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Here we are approaching winter, those extra “holiday pounds” looming on the horizon. Studies have shown that most people gain an average of only one pound over the holidays. The bad news is that we don’t ever lose that pound, which means that much of our midlife weight gain can be explained by holiday eating. The extra bad news is that midlife is when we are working the most and have less time for exercise.
“You don’t get to slouch on the couch just because it’s winter!” says fitness expert Lisa Boucher. So how can a busy exec stay fit, especially when the flurries fly?
Breaking the Barriers
Boucher, a personal trainer and fitness expert for 20 years, acknowledges how difficult it is to find time to work out, but she offers tips on busting through the scheduling—and mental—barriers. “Remember that exercise is cumulative. It doesn’t have to be 60 minutes or nothing. If you can squeeze in a 15-20 minute workout in the morning and another one at night, it adds up to 30-40 minutes. That’s better than not exercising at all.”
Boucher recommends that workouts be scheduled just like any other appointment. “Plan ahead! Pack your clothes for the gym the night before so that you can go straight there after work,” she says. “Use your lunch hour to exercise; it is rejuvenating and will give you energy for the rest of your work day. Be as active as you can. Take the stairs, park far away from the door so you will have to walk more.”
Resist the Call of the Cave
How many times have you had intentions to leap out of bed, bright-eyed and bushy tailed, and head straight to the gym, only to find the snowflakes falling and the cozy cave of your bedroom a much more tempting option?
Denise Druce, a leading fitness professional in Utah who has produced dozens of workout DVDs and has been a featured trainer in SELF magazine, says that with the onset of winter, many of us seem to follow the animal kingdom. “We lose our motivation, hibernate in front of our televisions and stay there until spring. The problem is, as we slow down, our stress level doesn’t. We continue working, raising children, maintaining our homes and relationships, and eating the way we do when we’re more active. But we’re not being active enough to burn off the stress or the calories.”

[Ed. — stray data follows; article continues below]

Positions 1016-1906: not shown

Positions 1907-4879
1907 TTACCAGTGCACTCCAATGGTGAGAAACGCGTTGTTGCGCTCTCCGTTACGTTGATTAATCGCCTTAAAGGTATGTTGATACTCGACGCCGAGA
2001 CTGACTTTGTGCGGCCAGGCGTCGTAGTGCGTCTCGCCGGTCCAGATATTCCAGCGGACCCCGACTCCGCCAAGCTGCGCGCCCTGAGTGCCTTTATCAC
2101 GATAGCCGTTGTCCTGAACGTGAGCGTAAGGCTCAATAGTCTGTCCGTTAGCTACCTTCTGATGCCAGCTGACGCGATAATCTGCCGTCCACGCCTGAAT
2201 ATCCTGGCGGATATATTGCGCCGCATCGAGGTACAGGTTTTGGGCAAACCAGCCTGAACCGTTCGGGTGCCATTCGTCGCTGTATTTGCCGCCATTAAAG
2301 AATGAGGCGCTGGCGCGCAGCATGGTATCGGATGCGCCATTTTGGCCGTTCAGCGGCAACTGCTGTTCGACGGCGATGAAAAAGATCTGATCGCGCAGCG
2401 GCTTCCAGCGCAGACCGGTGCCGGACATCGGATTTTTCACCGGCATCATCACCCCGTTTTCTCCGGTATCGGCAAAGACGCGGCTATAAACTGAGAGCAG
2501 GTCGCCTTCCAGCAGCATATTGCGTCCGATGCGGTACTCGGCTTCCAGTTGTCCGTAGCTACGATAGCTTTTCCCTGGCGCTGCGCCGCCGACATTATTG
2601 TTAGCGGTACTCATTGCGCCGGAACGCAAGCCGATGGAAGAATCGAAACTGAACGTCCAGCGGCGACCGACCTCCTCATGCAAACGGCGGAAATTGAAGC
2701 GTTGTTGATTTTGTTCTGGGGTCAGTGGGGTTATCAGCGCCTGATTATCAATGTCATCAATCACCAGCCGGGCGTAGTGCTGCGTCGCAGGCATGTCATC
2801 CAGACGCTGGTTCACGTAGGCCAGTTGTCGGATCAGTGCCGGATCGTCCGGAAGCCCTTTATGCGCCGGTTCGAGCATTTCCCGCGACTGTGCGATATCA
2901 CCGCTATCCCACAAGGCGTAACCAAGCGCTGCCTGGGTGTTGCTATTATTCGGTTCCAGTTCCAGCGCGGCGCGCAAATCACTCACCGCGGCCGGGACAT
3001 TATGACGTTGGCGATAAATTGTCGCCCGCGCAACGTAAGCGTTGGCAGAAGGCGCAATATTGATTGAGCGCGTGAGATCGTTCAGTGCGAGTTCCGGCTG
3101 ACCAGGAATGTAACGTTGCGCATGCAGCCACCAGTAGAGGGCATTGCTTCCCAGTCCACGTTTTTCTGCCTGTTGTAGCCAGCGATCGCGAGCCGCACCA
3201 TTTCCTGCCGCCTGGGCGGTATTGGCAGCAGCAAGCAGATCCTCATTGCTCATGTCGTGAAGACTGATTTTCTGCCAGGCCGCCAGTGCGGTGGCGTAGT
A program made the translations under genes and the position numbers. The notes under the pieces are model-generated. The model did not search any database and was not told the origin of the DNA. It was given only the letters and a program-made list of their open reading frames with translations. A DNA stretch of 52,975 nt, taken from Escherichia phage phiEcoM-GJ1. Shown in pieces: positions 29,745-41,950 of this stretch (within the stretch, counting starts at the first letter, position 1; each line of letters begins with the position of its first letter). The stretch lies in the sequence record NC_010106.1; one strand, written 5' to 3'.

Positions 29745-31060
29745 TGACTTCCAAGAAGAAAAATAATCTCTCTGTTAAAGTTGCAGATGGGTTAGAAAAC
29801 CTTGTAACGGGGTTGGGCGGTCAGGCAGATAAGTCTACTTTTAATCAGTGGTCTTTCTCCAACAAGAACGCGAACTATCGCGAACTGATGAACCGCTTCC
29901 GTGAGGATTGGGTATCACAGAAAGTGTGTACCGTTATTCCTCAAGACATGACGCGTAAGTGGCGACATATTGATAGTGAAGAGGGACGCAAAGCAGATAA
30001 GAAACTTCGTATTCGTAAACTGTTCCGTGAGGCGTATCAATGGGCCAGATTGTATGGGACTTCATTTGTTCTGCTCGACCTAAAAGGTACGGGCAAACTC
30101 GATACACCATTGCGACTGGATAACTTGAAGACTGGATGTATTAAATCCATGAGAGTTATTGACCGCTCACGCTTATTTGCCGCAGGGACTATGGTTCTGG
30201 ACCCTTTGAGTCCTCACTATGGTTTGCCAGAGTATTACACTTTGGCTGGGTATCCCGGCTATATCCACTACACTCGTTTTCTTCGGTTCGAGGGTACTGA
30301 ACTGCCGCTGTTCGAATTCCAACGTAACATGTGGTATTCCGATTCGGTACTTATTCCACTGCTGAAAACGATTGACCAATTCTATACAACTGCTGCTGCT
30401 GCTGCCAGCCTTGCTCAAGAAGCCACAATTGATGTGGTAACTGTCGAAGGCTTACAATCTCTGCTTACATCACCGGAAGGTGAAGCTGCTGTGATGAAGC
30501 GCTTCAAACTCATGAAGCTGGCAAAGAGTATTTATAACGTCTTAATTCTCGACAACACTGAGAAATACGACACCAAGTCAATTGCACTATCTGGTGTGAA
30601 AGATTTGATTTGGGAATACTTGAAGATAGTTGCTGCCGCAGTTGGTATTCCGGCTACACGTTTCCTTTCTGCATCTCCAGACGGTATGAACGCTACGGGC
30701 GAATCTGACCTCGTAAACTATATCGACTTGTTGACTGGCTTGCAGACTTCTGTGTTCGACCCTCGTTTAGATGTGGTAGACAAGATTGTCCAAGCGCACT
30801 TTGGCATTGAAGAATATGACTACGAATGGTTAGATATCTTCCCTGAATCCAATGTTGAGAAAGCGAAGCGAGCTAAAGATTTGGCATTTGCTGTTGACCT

Druce says that the lack of exercise becomes a vicious cycle. “Lack of motivation leads to feelings of depression and guilt about not being more motivated. We see that ambitious person running down our street and wish we could be more motivated like them,” she says. “But here’s the Catch-22: When we motivate ourselves to get up and do something active, it gives us the energy and motivation we were looking for.”
Embrace the Elements
Exercising in the winter is especially challenging for lovers of the outdoors. “There are always ways to stay warm outside in the winter,” Boucher says, adding that with proper clothing you can battle the elements.
Utah is one of the world’s premiere winter playgrounds, which can translate into a fantastic outdoor gym. Downhill skiing can burn up to 500 calories per hour, depending on your weight. “We have world-class skiing and snowboarding, and for less money and more calorie burn, cross-country ski trails abound,” says Druce. “Maybe this is your year to take that lesson you’ve been promising to take. Invest in a pair of snow shoes. All of the hiking trails you loved in the summer and fall are perfect for snowshoeing.”
Take it Inside
It helps to know all of your options when it comes to winter exercises. The most obvious choice is to join a gym or a recreation center, if even for the few months that you can’t exercise in the sun. “Find a gym or a rec center where a variety of fitness classes are offered,” suggests Boucher. “Not a gym fan? Find a location where you can walk indoors, like a mall. Create a home gym with some inexpensive but excellent equipment like a stability ball, dumbbells or resistance bands. There are a lot of exercise DVDs out there. Find a few that you like and have fun!”
However, she adds, “if you plan on taking your workouts indoors, make sure you are doing something you love so that you will stay motivated enough to keep doing it.”